But since that artificial secondary self took over the control of life around the age of eight, and relegated the real, vulnerable, supersensitive, suffering self back into its nursery, it has lacked training, this inner prisoner. And so, wherever life takes it by surprise, and suddenly the artificial self of adaptations proves inadequate, and fails to ward off the invasion of raw experience, that inner self is thrown into the front line — unprepared, with all its childhood terrors round its ears. And yet that’s the moment it wants. That’s where it comes alive — even if only to be overwhelmed and bewildered and hurt.
As I read this, I thought about that mom from the day before. Where does her anger come from? Was she so overwhelmed and bewildered and hurt in her childhood that the only thing she knows is to make her own offspring feel overwhelmed and bewildered and hurt, too?
* * *
The boy sat. His shoulders slumped. His head bowed. His face lost all its joy.
He took a slice of his fucking pizza. With each bite, a hard shell began to form around his soul.
* * *
I was reminded of this new anti-alcohol video from Finland:
My dad had an alcohol problem when I was growing up. I was fortunate in that when my dad got drunk, he didn’t become abusive. He merely became the world’s worst standup comic. Still, as a child, you’re bewildered by it. Embarrassed. You try to ignore it, forget about it, put a shell around yourself and block it out.
Eventually, my mom had enough and divorced my dad. My dad remarried. Eventually, about the time I was a senior in high school, the drinking got to the point where he couldn’t eat if he drank. The food would just get stuck in his throat. I could see that same bewilderment, that same embarrassment in his new wife’s eyes, that I knew so well.
One day, after another one of these episodes, I found him alone in the basement. I walked up to him and said, “You’re going have to choose. Which do you love more, your bottle or your wife?” Up until that day, I had never said a word about his drinking, ever, in my life. He looked at me, speechless. I turned around and walked out.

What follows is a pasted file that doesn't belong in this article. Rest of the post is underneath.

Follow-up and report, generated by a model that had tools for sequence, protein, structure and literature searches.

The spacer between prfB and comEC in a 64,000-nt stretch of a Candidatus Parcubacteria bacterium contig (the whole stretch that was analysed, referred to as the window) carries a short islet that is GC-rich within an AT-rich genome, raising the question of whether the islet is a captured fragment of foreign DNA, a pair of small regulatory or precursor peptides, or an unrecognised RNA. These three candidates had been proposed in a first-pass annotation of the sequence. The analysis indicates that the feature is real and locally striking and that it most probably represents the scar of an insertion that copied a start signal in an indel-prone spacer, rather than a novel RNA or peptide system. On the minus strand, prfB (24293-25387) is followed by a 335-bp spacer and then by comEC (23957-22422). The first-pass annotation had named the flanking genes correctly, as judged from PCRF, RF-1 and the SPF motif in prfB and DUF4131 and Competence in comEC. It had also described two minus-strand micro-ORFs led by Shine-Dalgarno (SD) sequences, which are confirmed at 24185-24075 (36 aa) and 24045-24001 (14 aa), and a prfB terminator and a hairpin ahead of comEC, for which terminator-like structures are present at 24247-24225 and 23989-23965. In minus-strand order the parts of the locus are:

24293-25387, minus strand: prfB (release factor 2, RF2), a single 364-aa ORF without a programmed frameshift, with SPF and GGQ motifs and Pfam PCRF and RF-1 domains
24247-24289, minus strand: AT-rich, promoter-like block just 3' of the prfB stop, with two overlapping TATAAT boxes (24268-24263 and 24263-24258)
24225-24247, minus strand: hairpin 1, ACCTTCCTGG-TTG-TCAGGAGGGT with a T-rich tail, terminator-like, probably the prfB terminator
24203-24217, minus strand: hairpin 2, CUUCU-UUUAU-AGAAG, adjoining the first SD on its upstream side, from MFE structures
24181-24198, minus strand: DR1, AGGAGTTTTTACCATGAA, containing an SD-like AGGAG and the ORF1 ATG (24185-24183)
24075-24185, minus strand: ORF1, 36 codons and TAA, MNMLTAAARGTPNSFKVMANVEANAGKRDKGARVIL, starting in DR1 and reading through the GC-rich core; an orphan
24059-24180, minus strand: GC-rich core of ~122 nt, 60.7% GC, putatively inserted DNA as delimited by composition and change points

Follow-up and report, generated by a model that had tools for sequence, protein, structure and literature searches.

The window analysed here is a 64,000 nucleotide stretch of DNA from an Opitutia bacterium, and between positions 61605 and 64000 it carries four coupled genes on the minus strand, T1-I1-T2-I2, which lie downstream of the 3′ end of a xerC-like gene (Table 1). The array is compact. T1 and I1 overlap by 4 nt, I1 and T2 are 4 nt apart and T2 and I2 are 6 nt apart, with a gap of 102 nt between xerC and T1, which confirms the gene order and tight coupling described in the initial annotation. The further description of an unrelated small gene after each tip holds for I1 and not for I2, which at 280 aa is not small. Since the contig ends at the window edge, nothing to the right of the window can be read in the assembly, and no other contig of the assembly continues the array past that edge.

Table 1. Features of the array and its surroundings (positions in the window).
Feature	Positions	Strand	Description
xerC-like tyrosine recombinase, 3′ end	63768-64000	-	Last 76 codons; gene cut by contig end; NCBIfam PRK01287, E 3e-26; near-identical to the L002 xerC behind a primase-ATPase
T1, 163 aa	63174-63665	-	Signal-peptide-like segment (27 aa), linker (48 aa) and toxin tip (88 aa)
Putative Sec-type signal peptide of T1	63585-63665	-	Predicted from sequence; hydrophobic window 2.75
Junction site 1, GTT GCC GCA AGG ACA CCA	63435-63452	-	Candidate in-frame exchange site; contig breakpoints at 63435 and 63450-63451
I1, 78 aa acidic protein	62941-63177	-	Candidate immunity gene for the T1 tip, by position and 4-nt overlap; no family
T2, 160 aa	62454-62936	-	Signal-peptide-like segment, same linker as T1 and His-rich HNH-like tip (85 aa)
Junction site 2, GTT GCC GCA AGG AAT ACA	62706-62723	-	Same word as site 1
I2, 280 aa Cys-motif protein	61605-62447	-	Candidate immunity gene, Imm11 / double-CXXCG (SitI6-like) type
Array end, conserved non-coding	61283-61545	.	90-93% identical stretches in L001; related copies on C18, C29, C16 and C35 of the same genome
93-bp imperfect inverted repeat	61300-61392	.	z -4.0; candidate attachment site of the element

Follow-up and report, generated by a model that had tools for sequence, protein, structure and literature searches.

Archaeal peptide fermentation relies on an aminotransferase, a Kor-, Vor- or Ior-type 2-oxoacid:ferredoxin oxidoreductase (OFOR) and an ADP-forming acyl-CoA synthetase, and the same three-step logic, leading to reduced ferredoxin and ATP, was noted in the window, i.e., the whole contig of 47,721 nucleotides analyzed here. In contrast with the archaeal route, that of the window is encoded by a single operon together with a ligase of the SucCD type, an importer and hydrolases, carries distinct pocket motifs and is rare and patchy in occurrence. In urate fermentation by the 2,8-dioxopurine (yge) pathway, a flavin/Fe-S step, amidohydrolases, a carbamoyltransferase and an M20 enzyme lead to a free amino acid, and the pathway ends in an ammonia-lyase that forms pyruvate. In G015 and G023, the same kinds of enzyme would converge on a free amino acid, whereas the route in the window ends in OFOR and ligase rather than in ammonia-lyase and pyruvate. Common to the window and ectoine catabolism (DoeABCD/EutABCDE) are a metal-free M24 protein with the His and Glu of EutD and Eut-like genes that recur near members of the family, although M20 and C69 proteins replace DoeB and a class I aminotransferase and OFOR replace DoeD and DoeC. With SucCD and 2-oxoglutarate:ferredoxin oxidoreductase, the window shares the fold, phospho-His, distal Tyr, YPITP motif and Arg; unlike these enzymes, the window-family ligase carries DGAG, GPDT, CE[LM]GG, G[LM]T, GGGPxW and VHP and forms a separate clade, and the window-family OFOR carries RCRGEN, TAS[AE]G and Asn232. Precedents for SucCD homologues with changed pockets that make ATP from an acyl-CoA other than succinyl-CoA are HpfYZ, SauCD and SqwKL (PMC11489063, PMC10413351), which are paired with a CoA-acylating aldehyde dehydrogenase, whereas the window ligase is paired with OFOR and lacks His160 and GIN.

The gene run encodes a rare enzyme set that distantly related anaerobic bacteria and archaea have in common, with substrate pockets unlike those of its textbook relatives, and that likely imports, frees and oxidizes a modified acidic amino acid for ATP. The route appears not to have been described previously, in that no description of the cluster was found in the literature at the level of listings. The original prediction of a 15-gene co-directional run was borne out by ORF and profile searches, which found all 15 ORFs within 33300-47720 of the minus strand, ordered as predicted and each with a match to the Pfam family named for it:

I walked into that basement a hurt child, and walked out a man. I decided that this cycle of pain was going to end, right there, with me. Any family I had was not going to have to deal with this same kind of crap I had to deal with. That’s why I don’t drink alcohol.
Shortly after our confrontation, my dad quit drinking, cold turkey. Never drank another drop of alcohol the rest of his life. Our relationship got so much better after that. I am so grateful.
I’m sure I’ve missed out on a lot of socializing by not drinking. You don’t invite the guy who doesn’t drink out for beers with the guys. Fortunately, I’m an introvert, so missing out on socializing doesn’t really bother me at all. Pity the poor extrovert who has to make the same decision.
* * *
The boy now in submission, her damage done, the hurricane of a mother departed the scene as abruptly as she arrived. She was not seen again for the rest of the game.
* * *
The outs pile up, three outs here, three outs there, and eventually, the game is over. But that boy and I, we had that one moment together, didn’t we, that raw, magical, miraculous moment where Chris Carter hit that double down the right field line, where Yoenis Cespedes flew around the bases and almost caught up to Josh Reddick, and we broke through our shells and forgot our pain and fears and we marveled and cheered and threw our arms up in the air, each of us free as an uninhibited child.